TOKYO (Reuters) - Organisers for the Rugby World Cup in Japan are warning fans to beware of buying tickets on anything except official sites after hundreds are believed to have been turned away at stadium gates because they held bogus tickets.
Rugby fever is spreading in Japan, especially after the national team - the Brave Blossoms - achieved a historic victory over Ireland on Saturday, and some fans have said on social media they will do anything to get into a game.
“Unfortunately, it has come to our attention that fans at several venues for the World Cup have been unable to gain admittance due to holding illegally resold tickets,” organisers said in a statement on its website.
A spokesman for the organising committee said that while they have not compiled detailed records of how many fans were refused entry, there were “at least a few” showing up at every match, with around 200 recorded at the Sept. 21 New Zealand-South Africa match alone.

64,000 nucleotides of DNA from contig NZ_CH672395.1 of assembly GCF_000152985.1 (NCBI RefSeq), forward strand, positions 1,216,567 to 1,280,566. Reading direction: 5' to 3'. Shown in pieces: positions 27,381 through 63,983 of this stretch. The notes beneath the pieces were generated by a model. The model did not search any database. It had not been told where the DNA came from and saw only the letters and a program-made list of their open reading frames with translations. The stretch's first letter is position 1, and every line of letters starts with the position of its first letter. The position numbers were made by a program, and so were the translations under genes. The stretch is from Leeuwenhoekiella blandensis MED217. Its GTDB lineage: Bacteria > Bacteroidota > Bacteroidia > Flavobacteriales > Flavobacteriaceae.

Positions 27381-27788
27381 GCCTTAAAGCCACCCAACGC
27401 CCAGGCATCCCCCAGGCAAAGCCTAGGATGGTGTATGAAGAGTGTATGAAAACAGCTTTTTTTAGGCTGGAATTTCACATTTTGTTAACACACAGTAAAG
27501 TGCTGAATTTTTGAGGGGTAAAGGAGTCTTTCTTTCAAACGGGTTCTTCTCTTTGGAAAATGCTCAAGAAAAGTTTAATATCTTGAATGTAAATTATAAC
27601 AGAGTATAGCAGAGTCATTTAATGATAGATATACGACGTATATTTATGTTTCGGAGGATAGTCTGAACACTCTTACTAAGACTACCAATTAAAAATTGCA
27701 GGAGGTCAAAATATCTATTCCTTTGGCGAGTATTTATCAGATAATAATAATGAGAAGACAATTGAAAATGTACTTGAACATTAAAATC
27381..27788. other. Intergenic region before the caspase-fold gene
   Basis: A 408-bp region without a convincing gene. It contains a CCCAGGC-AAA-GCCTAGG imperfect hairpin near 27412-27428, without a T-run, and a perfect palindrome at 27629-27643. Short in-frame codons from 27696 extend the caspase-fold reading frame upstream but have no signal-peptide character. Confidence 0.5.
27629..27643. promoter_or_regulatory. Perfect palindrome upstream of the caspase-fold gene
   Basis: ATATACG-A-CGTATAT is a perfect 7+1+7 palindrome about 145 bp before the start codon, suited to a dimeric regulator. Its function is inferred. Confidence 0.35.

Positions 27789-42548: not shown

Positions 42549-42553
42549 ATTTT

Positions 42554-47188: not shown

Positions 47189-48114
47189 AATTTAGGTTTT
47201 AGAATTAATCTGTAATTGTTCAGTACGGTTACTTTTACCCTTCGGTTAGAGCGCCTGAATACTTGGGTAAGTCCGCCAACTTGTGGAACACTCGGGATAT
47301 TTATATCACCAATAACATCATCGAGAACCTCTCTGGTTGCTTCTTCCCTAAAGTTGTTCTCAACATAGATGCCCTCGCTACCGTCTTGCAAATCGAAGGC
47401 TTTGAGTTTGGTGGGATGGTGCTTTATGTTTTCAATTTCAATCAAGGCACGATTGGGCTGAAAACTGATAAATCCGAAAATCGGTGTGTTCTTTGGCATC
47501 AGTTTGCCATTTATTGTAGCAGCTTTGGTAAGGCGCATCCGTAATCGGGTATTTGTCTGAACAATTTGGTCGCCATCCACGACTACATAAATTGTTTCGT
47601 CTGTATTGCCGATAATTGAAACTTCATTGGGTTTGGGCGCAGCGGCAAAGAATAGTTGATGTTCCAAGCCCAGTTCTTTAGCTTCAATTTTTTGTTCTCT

“We once again strongly urge fans to purchase their tickets through official sites,” the organizers’ statement added.
Many social media users echoed this, saying that while everybody wants to see a match live, using illegal sites just was not worth it.
But not everyone is listening.
“I’ve become totally obsessed with rugby, even at this late date,” wrote one Twitter user. “As a result, I’ll happily deal even with a scalper to get to see one match in a stadium with my own eyes.”
Reporting by Elaine Lies; editing by Christian Schmollinger